Kwanzaa Lives in the Hearts of Black Families

Article excerpt

In the midst of the Civil Rights Movement, during the

back-to-your-African-roots, black-revolution era that was the

1960s, Maulana Karenga, an African Studies professor, created a

new African-American observance called Kwanzaa.

Karenga presented it as an expression of collective black

consciousness, a political and cultural statement, an annual

affirmation of values and a reinforcement of the bonds between

African-Americans, namely our history and common struggle for

liberation.

The observance began Friday and lasts seven days. On each day,

a candle is lit representing one of the seven principles: unity,

self-determination, collective work and responsibility,

cooperative economics, purpose, creativity and faith. Gifts are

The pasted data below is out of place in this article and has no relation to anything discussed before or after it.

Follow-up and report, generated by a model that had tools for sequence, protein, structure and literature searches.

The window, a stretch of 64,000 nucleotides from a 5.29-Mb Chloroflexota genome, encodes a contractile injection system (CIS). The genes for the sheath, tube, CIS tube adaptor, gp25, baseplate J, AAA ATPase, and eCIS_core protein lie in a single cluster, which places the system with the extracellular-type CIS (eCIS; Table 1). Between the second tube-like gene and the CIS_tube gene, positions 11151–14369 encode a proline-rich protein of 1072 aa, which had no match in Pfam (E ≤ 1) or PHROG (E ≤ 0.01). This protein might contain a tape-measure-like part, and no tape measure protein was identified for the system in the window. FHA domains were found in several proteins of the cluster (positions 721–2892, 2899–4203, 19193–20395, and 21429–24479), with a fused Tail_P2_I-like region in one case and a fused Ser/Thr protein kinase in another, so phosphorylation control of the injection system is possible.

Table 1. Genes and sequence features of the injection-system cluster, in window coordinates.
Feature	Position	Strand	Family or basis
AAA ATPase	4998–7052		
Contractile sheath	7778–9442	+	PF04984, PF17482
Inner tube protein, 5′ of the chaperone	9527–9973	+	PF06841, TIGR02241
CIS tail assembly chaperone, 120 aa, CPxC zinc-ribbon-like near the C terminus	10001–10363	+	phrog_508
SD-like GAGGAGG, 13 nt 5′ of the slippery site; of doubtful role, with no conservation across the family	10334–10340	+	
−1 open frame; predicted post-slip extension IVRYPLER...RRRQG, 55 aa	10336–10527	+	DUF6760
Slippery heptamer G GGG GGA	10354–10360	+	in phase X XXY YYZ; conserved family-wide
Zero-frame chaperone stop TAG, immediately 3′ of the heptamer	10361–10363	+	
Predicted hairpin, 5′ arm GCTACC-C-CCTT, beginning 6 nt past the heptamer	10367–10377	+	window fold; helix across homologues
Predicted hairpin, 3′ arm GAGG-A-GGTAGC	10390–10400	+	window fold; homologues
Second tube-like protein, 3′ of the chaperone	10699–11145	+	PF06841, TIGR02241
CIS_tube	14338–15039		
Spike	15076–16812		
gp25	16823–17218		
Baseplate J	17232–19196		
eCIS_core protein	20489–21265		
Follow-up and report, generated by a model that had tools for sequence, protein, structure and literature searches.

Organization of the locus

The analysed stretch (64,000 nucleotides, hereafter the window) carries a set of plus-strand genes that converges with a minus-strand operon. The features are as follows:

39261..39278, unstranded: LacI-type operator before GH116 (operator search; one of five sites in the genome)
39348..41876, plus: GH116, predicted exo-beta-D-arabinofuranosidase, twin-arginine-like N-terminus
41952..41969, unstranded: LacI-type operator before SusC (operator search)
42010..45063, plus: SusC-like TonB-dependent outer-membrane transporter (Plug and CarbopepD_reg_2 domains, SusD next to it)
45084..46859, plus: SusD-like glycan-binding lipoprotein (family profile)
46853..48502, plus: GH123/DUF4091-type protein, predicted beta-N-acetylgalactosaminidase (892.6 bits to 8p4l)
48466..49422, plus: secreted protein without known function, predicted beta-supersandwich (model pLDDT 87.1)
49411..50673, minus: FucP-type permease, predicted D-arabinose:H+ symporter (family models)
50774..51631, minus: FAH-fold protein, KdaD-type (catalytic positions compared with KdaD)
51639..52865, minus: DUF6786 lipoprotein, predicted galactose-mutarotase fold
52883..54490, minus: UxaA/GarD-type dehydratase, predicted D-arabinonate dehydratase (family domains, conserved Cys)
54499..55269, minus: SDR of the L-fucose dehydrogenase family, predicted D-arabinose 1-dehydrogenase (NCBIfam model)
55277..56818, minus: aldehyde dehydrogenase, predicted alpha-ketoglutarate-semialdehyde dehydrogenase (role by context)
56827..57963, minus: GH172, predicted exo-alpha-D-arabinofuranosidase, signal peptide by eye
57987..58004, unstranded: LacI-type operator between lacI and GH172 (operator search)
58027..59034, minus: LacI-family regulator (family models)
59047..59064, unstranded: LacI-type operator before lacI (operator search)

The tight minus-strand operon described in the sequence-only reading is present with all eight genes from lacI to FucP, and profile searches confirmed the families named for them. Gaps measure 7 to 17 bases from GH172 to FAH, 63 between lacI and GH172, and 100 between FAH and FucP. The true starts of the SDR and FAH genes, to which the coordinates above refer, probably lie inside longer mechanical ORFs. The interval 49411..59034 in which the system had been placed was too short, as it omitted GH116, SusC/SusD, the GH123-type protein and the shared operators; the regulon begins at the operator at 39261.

exchanged, but they're simple, preferably homemade or purchased

from a black-owned business.

Kwanzaa is not a "black Christmas." It's not a religious

event. Rather, it's an alternative to the commercial aspects of

Christmas.

Since I first learned about Kwanzaa about 10 years ago, I've

played with the idea of adopting it as a family tradition. But

when Christmas comes and my family is gathered, I'm reminded that

we've been celebrating Kwanzaa's principles all along.

My family has never bought into the Madison Avenue version of

Christmas. We've taken the holiday and adapted it to fit our

family's cultural and spiritual needs. …